In describing the philosophy of the 18th century French writer Voltaire, English biographer Evelyn Beatrice Hall wrote: “I disapprove of what you say, but I will defend to the death your right to say it.”
Actor Vince Vaughn lives by the same credo.
Speaking to the Los Angeles Times in late October, just days before the presidential election, the “Wedding Crashers” star spoke out about his brief encounter with President Donald Trump, a January conversation that led many on the left to argue the celebrity needed to be canceled.
Vaughn, like Voltaire, believes people should be able to coexist without always agreeing. He also thinks — like Voltaire — it’s critical to defend the rights of those with whom you disagree, particularly their rights to free speech.
“I was raised with the idea that you could have different likes and beliefs and you should respect and defend that in other people, not shout it down,” Vaughn told the Times. “The people you disagree with the most, you should stand up for their right to do that.”
Vaughn, who is libertarian and has only ever endorsed former Rep. Ron Paul (R-Texas), said he’s met a lot of politicians “who I’ve always been cordial to,” including House Speaker Nancy Pelosi (D-Calif.).
As far as his brief encounter with Trump, Vaughn described the Republican leader as “very personable,” adding they “didn’t get into policies.”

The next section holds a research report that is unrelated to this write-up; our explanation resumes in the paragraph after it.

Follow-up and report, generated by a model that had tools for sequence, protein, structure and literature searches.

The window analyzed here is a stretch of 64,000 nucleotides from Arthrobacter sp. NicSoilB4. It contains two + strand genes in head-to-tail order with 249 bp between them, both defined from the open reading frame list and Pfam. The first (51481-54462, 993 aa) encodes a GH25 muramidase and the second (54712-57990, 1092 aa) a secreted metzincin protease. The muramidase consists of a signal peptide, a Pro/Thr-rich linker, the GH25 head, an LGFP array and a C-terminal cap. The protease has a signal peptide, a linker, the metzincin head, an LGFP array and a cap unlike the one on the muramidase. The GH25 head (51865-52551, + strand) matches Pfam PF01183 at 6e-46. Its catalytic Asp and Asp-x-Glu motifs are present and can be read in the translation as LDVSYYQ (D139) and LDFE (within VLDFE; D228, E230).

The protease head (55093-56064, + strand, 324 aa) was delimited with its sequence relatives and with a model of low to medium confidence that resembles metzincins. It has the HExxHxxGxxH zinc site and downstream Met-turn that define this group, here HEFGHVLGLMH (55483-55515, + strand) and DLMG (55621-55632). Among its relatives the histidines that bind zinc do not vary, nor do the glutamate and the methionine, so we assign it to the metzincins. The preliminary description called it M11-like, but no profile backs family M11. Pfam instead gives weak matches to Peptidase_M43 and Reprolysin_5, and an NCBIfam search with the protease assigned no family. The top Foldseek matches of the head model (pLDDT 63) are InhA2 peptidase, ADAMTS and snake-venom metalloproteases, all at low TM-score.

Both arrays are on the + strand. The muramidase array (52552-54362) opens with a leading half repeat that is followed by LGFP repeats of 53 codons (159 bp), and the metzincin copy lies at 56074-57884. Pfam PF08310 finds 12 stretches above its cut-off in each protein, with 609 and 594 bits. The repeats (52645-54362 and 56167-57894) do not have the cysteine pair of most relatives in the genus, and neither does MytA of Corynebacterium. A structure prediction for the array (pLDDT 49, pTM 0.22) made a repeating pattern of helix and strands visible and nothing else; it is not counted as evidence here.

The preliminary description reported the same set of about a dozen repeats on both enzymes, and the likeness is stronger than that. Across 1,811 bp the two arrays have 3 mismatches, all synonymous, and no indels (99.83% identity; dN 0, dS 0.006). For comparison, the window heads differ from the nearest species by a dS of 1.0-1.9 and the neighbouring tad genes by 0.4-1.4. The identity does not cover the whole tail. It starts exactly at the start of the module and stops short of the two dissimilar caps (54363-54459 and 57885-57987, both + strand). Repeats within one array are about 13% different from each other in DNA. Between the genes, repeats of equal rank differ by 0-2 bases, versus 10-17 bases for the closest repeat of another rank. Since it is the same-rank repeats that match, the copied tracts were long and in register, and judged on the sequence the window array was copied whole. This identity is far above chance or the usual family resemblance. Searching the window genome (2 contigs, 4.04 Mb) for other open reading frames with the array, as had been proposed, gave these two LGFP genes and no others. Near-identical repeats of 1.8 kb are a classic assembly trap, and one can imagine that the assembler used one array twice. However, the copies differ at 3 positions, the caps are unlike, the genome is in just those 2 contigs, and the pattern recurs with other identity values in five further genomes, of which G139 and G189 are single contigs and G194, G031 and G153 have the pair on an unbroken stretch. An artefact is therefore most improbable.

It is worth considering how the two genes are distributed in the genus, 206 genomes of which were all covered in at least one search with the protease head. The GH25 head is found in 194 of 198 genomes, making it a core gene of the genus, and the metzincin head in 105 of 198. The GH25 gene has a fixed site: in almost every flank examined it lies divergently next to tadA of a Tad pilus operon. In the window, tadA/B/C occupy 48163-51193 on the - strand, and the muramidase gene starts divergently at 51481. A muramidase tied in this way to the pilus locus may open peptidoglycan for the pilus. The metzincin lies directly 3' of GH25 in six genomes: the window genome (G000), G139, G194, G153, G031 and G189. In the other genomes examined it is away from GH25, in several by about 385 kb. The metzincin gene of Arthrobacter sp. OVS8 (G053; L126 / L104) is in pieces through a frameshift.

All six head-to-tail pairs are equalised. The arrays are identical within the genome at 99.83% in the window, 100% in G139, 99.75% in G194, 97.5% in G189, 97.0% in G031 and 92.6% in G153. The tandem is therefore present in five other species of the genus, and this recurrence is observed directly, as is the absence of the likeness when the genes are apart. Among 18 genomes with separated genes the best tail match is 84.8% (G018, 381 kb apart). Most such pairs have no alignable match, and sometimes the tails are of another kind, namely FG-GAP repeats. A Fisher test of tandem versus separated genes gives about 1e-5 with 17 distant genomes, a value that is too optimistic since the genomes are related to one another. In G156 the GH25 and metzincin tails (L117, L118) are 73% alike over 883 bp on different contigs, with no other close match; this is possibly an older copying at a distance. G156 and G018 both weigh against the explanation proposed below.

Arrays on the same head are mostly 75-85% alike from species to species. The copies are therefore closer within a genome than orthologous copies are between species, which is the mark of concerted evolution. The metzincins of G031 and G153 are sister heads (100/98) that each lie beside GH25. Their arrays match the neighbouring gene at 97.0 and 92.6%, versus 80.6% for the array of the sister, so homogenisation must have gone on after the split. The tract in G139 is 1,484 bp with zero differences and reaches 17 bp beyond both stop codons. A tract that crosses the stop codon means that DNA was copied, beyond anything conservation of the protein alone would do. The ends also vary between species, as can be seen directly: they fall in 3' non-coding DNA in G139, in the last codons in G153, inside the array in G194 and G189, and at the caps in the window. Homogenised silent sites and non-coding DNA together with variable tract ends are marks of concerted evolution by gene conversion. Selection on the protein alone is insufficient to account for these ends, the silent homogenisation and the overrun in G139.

“I think people are more charged than ever about these things,” the entertainer said. “But I don’t think most people take that stuff as seriously as the small percentage that’s making noise about it.”
Earlier this week, Kind LLC founder Daniel Lubetzky, who emigrated the the U.S. from Mexico and whose father survived the Holocaust, said it is “essential” for Americans to embrace kindness if they want the country to continue to succeed.
“My father was in the concentration camp in Dachau,” he explained. “So having that background, I’m very, very sensitive to the polarization and division that can actually hurt our nation. I’ve never seen the divisions that I see now.”
He also encouraged people to have conversations with people who have differing opinions and perspectives on issues.
“It takes enormous amounts of strength to listen to the side that you disagree with and still respect them and assume positive intent,” he said. “I think in the last several years, we’ve lost that ability, and we need to regain that.”